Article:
If Bhutanese businesses are to prosper, they need to shed the cloak of traditional beliefs and practices, Dasho Kunzang Wangdi said.

A member of the Royal Research and Advisory Council and the former chief election commissioner, Dasho Kunzang Wangdi was talking about the need to attune Bhutanese business mindsets towards Gross National Happiness of Business at the ongoing 7th International GNH Conference in Thimphu.

He said entrepreneurs and the government would have to re-emphasise happiness as the crosscutting social impact in all cycle of commodities and services.

“Therefore, for the GNH of Business society, the social, cultural and historical aspect of beliefs are necessary factors not only to maximise the profit but also to sustain business happily,” he said.

Dasho Kunzang Wangdi said the attitude ‘Gon bachi, ma gon zhag’ loosely translated as ‘If you want, take it otherwise leave it’ needs to change.

It is also true as an expatriate observed that as long as a Bhutanese likes a product, the individual would not question the price, he said.

“Even as the world runs with rat-race of modern economics, Bhutanese businessmen or shopkeepers are happy turning off a customer from the door,” he said.

He said that unlike in the regional markets, Bhutanese shoppers neither take to bargaining nor would they entertain it.

Whereas, elsewhere almost to the point of irritation of the customer, the shopkeepers or the public relations employees woo and entice customers or visitors. There are various qualities of goods such as one for the keep and another for sale.

Bhutanese goods and products are commonly talked about as sub-standard, because Bhutanese tolerate it.

He said the nexus between vested interest and scruples must be broken with monitoring and evaluation, which should not be treated as a separate function of administration and management alone. “It is inbuilt in what one does,” he said.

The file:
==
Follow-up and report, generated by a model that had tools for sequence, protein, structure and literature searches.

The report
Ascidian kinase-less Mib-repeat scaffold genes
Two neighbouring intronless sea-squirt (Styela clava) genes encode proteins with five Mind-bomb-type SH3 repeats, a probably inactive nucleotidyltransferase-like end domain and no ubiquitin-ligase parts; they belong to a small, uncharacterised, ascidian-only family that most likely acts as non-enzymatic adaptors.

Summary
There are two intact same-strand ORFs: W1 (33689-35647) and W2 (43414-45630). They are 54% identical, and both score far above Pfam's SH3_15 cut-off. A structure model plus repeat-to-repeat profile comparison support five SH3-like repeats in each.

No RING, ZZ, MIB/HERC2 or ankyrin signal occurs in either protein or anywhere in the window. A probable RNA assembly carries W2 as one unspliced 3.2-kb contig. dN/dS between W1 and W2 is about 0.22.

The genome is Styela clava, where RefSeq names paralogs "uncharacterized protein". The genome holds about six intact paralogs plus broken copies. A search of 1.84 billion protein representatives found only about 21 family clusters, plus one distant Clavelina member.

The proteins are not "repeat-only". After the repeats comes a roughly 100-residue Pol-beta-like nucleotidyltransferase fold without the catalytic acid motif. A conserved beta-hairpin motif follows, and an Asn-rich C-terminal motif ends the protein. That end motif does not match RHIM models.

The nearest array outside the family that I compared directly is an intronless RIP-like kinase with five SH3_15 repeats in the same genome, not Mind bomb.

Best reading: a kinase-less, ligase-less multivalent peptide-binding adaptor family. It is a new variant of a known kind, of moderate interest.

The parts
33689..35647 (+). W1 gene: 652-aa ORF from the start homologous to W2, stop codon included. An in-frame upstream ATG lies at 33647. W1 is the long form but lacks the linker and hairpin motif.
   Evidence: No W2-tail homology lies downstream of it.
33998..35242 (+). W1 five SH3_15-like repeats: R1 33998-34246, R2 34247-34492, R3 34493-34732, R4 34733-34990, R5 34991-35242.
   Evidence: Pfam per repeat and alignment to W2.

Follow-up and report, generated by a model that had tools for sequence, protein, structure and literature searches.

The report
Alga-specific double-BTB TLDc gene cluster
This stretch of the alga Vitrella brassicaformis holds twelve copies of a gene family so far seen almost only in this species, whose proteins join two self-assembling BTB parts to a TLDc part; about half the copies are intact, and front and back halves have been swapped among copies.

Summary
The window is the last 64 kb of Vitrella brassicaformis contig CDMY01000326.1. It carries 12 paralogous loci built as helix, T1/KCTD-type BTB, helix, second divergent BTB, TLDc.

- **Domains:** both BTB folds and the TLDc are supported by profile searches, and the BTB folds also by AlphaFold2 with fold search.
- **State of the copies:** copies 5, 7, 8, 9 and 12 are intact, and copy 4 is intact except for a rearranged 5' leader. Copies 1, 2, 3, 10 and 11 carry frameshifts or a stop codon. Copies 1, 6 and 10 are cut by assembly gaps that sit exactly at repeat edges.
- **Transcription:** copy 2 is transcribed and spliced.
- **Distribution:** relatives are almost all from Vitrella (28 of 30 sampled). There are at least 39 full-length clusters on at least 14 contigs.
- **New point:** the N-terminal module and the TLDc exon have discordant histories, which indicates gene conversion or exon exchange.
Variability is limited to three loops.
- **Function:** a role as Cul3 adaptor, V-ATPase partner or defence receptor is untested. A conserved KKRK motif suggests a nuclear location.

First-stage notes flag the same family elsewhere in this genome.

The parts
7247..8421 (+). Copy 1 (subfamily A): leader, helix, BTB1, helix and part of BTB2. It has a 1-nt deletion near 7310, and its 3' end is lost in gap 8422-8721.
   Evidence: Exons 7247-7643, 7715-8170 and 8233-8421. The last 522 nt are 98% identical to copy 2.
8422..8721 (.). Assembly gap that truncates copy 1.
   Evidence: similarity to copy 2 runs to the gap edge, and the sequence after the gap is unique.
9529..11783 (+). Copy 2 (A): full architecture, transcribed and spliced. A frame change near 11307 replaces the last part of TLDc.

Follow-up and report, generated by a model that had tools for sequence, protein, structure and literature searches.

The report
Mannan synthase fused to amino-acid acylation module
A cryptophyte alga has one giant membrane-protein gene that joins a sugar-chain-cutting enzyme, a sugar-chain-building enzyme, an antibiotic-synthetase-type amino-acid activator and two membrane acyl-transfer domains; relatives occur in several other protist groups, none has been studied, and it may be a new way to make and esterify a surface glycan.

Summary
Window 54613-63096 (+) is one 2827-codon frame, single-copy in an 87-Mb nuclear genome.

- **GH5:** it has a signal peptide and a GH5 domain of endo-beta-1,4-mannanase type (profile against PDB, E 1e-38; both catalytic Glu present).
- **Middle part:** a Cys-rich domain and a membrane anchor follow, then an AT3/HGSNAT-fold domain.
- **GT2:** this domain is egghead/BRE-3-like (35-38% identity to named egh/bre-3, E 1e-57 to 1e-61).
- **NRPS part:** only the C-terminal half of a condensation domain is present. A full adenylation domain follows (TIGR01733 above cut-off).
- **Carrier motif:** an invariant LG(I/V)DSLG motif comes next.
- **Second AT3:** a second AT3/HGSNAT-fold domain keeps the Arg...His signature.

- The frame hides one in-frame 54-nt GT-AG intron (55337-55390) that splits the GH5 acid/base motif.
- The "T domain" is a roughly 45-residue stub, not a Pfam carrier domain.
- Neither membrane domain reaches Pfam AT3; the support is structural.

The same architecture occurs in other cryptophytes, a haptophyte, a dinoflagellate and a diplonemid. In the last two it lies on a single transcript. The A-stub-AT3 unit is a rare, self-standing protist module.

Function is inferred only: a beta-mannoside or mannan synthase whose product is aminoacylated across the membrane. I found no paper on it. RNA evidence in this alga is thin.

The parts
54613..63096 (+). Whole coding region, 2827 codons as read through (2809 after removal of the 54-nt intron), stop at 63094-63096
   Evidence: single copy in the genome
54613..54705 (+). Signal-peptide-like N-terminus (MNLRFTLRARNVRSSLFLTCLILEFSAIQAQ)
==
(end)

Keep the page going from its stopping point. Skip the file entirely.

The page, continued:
“It’s a tragedy that a Bhutanese entrepreneur or promoter would start his business with an attitude of an established business house,” he said. For some, he said, the indicator of success as a business is having an office of the chief executive officer and a four-wheel drive vehicle. “A positive balance sheet and positive turnover may be secondary,” he said.

He linked such behaviours to traditional business beliefs such as tshong means profit or khebsa and tsongni (for sale) means quality becomes immaterial.

He said that most Bhutanese as Buddhists would never become filthy rich. As more endowed one becomes it is likely that the individual would sponsor or indulge in expunging on Buddhist rituals and ceremonies, to the extent of outdoing one another.

While these create employment and promote arts and crafts, they do not contribute to the overall quality improvement of the entire community as a whole.

“These do not help in transforming them into principled businesspersons but make them crave to accumulate more,” he said. “So in the modern economy the traditional values need to be adapted.”

In that what one sells has to be the best while what is charged for has to be its worth. GNH of Business needs to create three conditions for the country and the Bhutanese capable to grow smart businesses.

It should make their business respectful, add value to the society to enhance the social well-being, and products and services must contribute to the overall well-being of the society.

He said that the launch of the GNH certification framework for businesses in the country would uphold ethical conduct. “In short, GNH of Business should produce a win-win outcome for the seller and the buyer.”

Tshering Palden